Imagine a late afternoon in the early summer. A large old pine table is set beneath several trees through which a gentle breeze rustles.  Platters of crusty warm bread, cheeses, grilled vegetables, salads and fruit. Pitchers of wine, water and iced tea. The pace is unforced and there is plenty of time to move around and engage in multiple conversations.

Jack Whitten, Lucy

From painting to sculpture to installation each artist brings his/her own reasons for choosing unconventional materials and has a unique sensibility in the use of physical space and dimensionality.

I imagine a lively exchange ranging from material choice and meaning, specific inspirations and explorations, interrogations of each other’s work and where each artist wants to take the work next.  I would be a quiet participant, occasionally asking questions but mostly hungrily soaking in all that pours forth. Listening and reveling in and enjoying the sharing across generations, all while the sun sets, twilight deepens, fireflies emerge, candles are lit, and the conversations continue into the wee hours of the morning. If only it were so!

Johannes Vermeer, The Milkmaid

Patricia Moss-Vreeland: I first met Vermeer at the Metropolitan Museum of Art during one of my visits on my way home from school. His small canvases always contained everything for me. The light, the intimacy, the brushwork, and the female figure captured so honestly in each daily routine. If we had the chance to meet, I would ask him why he chose to paint on a smaller scale than his contemporaries, and query him about his attention to the female character not as an object under the male gaze but as a “she” engaged in simple activities, whether it’s writing a letter or making lace. Did he find comfort creating these interiors, did he feel they were necessary to document, did they address his inner feelings about women and home, and how did he use a camera obscura, if at all?

My mind then wandered to female painters I’ve admired from the past, and I decided to add to my table Rosa Bonheur, whose painting The Horse Fair was

Rosa Bonheur, The Horse Fair

another at the Met that captured my attention as a teenager. Since there were very few paintings by women in the museum, the work not only overwhelmed me in a great way, but offered a contrast to my treasured Vermeer. Why wasn’t she represented in the iconic art history survey by H.W. Jansen (nor were any other women artists for that matter)? Eventually I read how she would dress like a man to go out into the fields to study animals. I had so many questions about her daily routines and her challenges. With both these artists, I would share with them how much they’ve inspired me for decades, and how grateful I’ve been to have them as my constant companions in making art.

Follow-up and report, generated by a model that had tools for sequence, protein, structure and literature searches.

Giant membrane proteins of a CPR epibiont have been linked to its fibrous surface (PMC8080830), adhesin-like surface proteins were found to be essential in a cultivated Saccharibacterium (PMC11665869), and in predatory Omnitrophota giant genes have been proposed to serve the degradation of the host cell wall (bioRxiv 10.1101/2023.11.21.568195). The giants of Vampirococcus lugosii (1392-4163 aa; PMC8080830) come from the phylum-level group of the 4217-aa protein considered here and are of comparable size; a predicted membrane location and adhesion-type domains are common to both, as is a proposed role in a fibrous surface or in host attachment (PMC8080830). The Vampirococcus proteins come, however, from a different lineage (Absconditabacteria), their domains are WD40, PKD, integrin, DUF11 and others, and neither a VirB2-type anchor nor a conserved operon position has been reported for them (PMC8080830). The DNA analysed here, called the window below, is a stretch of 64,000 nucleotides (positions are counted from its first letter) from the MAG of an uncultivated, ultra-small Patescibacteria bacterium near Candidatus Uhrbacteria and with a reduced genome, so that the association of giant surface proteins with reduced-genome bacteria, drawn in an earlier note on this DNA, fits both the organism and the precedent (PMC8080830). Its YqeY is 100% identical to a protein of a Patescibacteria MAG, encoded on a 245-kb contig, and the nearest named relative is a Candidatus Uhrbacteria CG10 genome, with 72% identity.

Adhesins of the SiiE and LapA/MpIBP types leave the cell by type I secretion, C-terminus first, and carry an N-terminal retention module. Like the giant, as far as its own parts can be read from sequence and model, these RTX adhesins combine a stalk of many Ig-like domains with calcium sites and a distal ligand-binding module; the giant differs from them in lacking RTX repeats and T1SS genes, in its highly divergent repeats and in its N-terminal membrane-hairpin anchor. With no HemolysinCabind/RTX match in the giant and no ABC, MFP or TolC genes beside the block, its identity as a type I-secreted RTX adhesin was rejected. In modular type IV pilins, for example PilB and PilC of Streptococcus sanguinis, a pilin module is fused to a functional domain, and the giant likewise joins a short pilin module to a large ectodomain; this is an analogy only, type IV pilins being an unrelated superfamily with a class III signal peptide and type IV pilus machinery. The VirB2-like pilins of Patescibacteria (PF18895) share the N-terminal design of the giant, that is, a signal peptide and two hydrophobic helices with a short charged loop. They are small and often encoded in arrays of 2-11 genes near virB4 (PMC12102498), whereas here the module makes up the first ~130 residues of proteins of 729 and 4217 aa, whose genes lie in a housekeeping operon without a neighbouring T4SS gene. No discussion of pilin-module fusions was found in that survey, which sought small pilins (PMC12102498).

Rackstraw Downes, study for New Stuyvesant High School Under Construction

Pamela Blum: I want to talk to artists who pose the best questions, the ones with difficult, ambiguous, multifaceted (if any) answers. When I was a beginning art student, I spent a weekend working on a 12-by-12-foot design project. The instructor, Rackstraw Downes, commented, “It doesn’t need to be that big. It doesn’t need to be at all.” Essentially, he was asking, “What needs to be?”—a profound question, and then, “How big?” Those two questions always form my search for what to say and how to say it.

Hiroyuki Hamada, #82

Downes also remarked, in a drawing class, “Maybe someday you’ll find something to do with that nervous little line of yours.” I screwed up my courage. “What should I do?” “Look at Van Gogh,” he said. And so, I uncovered a search for structure and the relationships among all things.

More recently, I had a chance to ask my current favorite living artist, Hiroyuki Hamada, what he looks for when he makes art and what he looks for in others’ art. He replied, “Authenticity.” Again, no clear answer. And so, every time I look at an image I ask myself, “Is this work authentic? Why?”


Top: A guest at Christine Aaron’s table, Chiharu Shiota, Sleeping Is Like Death